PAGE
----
With the help of a talking freeway billboard, a "wacky weatherman" tries to win the heart of an English newspaper reporter, who is struggling to make sense of the strange world of early-90s Los Angeles.
Richard E. Grant
Suffering from writer's block and eagerly awaiting his writing award, Harry Block remembers events from his past and scenes from his best-selling books as characters, real and fictional, come back to haunt him.
An Innuit hunter races his sled home with a fresh-caught halibut. This fish pervades the entire film, in real and imaginary form. Meanwhile, Axel tags fish in New York as a naturalist's ... See full summary »
When Waring Hudsucker, head of hugely successful Hudsucker Industries, commits suicide, his board of directors, led by Sidney Mussberger, comes up with a brilliant plan to make a lot of money: appoint a moron to run the company. When the stock falls low enough, Sidney and friends can buy it up for pennies on the dollar, take over the company, and restore its fortunes. They choose idealistic Norville Barnes, who just started in the mail room. Norville is whacky enough to drive any company to ruin, but soon, tough reporter Amy Archer smells a rat and begins an undercover investigation of Hudsucker Industries. Written by
Dr. Bronfenbrenner's film of Norville's psychiatric session begins with a SMPTE Universal leader that counts down from 8 to 2. This type of film leader wasn't developed until the 1960s. The film would have actually had either an Academy leader counting from 11 to 3 with black film in between or one of the brand new (for the late 1950s) SMPTE Society leaders that counted from 11 to 3 but had focusing cross hairs, rather than black film, between the numbers. See more »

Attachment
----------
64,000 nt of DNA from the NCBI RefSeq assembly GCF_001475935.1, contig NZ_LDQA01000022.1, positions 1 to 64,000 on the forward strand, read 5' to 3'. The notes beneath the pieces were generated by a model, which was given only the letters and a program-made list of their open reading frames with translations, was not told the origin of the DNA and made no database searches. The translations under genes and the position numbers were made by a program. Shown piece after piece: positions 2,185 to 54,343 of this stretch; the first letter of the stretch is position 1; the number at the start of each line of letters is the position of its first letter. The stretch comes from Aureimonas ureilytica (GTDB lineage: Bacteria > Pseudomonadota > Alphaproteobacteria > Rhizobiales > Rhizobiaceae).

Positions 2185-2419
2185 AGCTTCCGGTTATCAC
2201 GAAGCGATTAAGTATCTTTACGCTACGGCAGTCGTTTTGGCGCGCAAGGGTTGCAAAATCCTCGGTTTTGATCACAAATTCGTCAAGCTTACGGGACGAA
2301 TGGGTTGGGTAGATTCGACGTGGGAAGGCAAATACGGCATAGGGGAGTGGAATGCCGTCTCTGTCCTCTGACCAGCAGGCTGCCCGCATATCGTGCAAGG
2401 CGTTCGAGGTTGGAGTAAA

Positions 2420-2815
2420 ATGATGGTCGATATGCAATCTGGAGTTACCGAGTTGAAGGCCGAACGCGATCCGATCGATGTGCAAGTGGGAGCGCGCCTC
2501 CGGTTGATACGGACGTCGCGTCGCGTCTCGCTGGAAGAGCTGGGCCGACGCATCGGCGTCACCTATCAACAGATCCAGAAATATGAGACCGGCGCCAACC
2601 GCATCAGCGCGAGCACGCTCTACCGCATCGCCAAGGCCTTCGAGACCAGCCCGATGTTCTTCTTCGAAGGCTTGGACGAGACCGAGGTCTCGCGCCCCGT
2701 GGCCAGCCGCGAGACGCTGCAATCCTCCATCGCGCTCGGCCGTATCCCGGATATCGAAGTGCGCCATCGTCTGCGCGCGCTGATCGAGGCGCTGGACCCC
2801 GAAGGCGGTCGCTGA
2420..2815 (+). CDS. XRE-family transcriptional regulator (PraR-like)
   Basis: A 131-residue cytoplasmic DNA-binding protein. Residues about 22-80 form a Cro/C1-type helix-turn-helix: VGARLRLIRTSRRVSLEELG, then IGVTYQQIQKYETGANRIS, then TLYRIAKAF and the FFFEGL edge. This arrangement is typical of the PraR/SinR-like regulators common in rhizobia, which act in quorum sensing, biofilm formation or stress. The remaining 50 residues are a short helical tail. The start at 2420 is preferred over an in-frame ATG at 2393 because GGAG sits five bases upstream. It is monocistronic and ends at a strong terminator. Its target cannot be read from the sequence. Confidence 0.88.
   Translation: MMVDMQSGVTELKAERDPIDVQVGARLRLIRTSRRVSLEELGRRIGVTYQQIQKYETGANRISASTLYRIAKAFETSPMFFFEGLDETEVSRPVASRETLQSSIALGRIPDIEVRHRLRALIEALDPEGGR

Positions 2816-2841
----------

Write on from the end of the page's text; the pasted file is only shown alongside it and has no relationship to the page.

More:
By Benny Goodman and Lionel Hampton
Courtesy of Regent Music Corporation/Jewel Music Publishing Co., Inc.
Performed by Duke Ellington
Courtesy of Blue Note Records
A division of Capitol Records, Inc.
Under license from CEMA Special Markets See more »
Another fascinating piece from the Coen Brothers, 'The Hudsucker Proxy' is an homage to the films of the 1930s. From the grey faux-Gothic cityscape to the over-the-top acting and rapid fire dialogue to the subdued colors to the stark sets, this film hearkens back to an earlier era of films.
The plot is simple enough. When company president Waring Hudsucker commits suicide, the board of directors, led by the deliciously evil Sidney J. Mussburger (Paul Newman) determines to devalue the stock by putting a 'shmoe' in charge of the company so that when the late Hudsucker's controlling interest in stock hits the market in 30 days, Mussburger's cabal can snap it up on the cheap. Enter shmoe Norville Barnes (Tim Robbins). Jennifer Jason Leigh is the newspaper reporter who infiltrates Hudsucker Industries under the guise of secretary, and is Barnes' love interest in the film.
Robbins performs more than adequately but is outshone by terrific performances by Newman and, in particular, by Leigh, who absolutely nails this role. Her saucy, lilt of the tongue is wonderful; she simply oozes sensual sass, and all in the very decent parameters of decades gone by in Hollywood.
Other highlights of the film include - the wonderful sets, where less is more; the usual Coen cinematography, which makes the film a visual delight above and beyond acting and plot; the clock (an unbilled role, in a sense). Curious characters pop up and return Buzz the Elevator Operator, the Clock Maintainer, and many others. And, of course that clock!
As will all Coen brothers films, this one calls me to see it again, as I always seem to discover new elements when watching their works for the second, third, fourth times, and beyond. A very worthwhile film enjoy!
7 out of 10
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